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Psychosocial working conditions and burnout in the longitudinal "Study of Mental Health at Work (S‑MGA)" - Implications for occupational safety and health

(in German)

Background: Psychosocial risk assessment can only be effective as an instrument if the predictors of relevant health variables are known and it has been shown that favorable changes in working conditions are accompanied by equivalent changes in these health variables.

Objective: Using burnout as an example, a longitudinal analysis was carried out to determine whether changes in working conditions lead to changes in burnout.

Material and methods: In the "Study of Mental Health at Work (S-MGA)", psychosocial work conditions were assessed with the Copenhagen Psychosocial Questionnaire (COPSOQ), and burnout with the Oldenburg Burnout Inventory (OLBI). Data from employees participating in both waves (n = 2005) were combined to form a longitudinal data set. To evaluate the impact of change in COPSOQ scores over the 5‑year observation period on the burnout score, regression models were fitted with COPSOQ difference variables and COPSOQ baseline scores, accounting for possible confounders.

Results: The regression models showed significant effects in the expected directions: a high baseline value and an increasing difference score for demands lead to an increase in the burnout score and for resources to a decrease. The amount of work showed the strongest effects in all models, also when adjusting for all COPSOQ scales simultaneously. In addition, job insecurity always showed significant effects. The situation was different for resources, for which significant effects can be demonstrated when considered individually in the model, but which decline and in part lose their significance when the COPSOQ scales are adjusted for each other, due to their high pairwise correlations.

Conclusion: The analysis showed that over a 5-year period, the burnout score depends both on baseline levels of demands and resources as well as their changes, i.e. declining scores in demands and rising scores in resources lead to declining burnout scores. Consequently, measures of work design that consider these working conditions should lead to a decrease in burnout.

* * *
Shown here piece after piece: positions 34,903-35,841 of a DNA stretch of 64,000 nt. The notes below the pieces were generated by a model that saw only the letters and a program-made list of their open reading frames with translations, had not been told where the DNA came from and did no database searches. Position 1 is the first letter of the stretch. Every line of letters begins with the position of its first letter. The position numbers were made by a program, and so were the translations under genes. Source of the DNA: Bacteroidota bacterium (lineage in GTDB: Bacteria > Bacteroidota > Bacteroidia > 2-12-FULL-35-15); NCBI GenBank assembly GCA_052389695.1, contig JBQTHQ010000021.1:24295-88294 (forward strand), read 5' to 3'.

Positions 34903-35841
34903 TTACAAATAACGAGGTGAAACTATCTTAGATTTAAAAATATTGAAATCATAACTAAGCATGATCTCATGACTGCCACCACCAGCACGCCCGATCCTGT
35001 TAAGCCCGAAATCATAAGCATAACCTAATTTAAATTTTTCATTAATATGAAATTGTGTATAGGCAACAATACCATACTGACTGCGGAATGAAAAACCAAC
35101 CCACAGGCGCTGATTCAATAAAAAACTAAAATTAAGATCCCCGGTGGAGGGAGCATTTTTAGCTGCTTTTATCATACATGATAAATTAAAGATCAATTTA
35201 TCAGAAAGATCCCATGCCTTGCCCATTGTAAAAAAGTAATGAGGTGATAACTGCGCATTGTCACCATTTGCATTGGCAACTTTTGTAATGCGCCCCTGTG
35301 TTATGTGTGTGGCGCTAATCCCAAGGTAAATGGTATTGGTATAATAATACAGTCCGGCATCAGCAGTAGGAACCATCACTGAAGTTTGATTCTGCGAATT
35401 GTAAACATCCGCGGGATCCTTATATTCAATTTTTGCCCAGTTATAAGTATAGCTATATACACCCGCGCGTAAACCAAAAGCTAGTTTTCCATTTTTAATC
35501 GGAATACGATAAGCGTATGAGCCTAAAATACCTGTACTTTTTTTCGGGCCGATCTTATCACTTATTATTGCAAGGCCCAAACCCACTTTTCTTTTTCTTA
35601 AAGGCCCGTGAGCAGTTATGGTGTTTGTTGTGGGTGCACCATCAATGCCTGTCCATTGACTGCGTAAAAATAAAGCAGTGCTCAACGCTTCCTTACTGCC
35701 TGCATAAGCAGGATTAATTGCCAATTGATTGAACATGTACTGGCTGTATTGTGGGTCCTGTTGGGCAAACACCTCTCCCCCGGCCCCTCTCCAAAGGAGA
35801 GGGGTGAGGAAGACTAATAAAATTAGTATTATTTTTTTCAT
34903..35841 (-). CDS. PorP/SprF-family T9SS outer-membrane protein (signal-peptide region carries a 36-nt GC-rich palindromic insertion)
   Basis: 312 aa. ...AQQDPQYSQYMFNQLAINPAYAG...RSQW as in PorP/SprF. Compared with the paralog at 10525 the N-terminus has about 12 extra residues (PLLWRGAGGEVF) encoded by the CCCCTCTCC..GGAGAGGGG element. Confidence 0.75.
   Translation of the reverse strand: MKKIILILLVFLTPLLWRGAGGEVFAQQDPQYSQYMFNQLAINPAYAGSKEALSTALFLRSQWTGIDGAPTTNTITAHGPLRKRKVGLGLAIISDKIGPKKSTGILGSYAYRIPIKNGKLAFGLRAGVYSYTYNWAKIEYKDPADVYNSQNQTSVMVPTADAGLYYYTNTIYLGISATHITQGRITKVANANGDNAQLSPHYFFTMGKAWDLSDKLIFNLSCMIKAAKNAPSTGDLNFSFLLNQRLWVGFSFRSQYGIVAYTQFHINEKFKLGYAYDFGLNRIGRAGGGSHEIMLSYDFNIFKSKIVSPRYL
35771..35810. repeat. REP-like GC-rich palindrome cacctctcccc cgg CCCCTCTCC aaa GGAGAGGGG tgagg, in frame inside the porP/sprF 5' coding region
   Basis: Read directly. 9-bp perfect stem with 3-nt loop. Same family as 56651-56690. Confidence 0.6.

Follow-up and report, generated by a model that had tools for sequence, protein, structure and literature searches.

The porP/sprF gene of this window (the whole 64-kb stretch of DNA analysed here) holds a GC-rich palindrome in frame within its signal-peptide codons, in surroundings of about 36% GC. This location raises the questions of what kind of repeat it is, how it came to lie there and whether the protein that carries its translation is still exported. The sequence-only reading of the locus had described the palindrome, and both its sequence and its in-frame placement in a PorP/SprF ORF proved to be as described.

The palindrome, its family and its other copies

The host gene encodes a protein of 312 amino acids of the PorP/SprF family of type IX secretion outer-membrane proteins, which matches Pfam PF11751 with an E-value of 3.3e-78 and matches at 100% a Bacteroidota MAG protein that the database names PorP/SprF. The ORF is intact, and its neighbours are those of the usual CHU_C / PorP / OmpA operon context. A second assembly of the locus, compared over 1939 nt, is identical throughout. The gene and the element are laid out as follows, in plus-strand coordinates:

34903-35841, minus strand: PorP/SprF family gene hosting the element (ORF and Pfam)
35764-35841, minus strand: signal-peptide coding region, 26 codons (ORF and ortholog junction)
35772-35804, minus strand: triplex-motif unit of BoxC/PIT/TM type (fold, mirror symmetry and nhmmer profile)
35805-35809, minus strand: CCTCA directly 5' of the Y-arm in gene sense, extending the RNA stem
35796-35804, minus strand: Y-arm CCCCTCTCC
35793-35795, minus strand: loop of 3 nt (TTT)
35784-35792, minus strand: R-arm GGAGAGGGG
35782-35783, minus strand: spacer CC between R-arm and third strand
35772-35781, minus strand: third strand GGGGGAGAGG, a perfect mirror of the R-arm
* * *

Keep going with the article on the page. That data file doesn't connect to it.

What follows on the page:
This article is published in the Journal "Zentralblatt für Arbeitsmedizin, Arbeitsschutz und Ergonomie" (2022).

Please download the article "Psychosocial working conditions and burnout in the longitudinal 'Study of Mental Health at Work (S‑MGA)'" (in German only).

First Online: 29 September 2021

Bibliographic information

N. Kersten, M. Formazin:
Psychosoziale Arbeitsbedingungen und Burnout im Längsschnitt der "Studie zur mentalen Gesundheit bei der Arbeit (S-MGA)" - Implikationen für den Arbeitsschutz
in: Zentralblatt für Arbeitsmedizin, Arbeitsschutz und Ergonomie, Volume 72, Issue 1 2022. pages 1-12, Project number: F 2460, DOI: 10.1007/s40664-021-00444-8

Research Project

Project numberF 2460 StatusOngoing Project Project bundle: Longitudinal study of mental health at work (S-MGA II) - Project component 2: Longitudinal associations between working and employment conditions, burnout and depressive symptoms

Find out more : Project bundle: Longitudinal study of mental health at work (S-MGA II) - Project component 2: Longitudinal associations between working and employment conditions, burnout and depressive symptoms …

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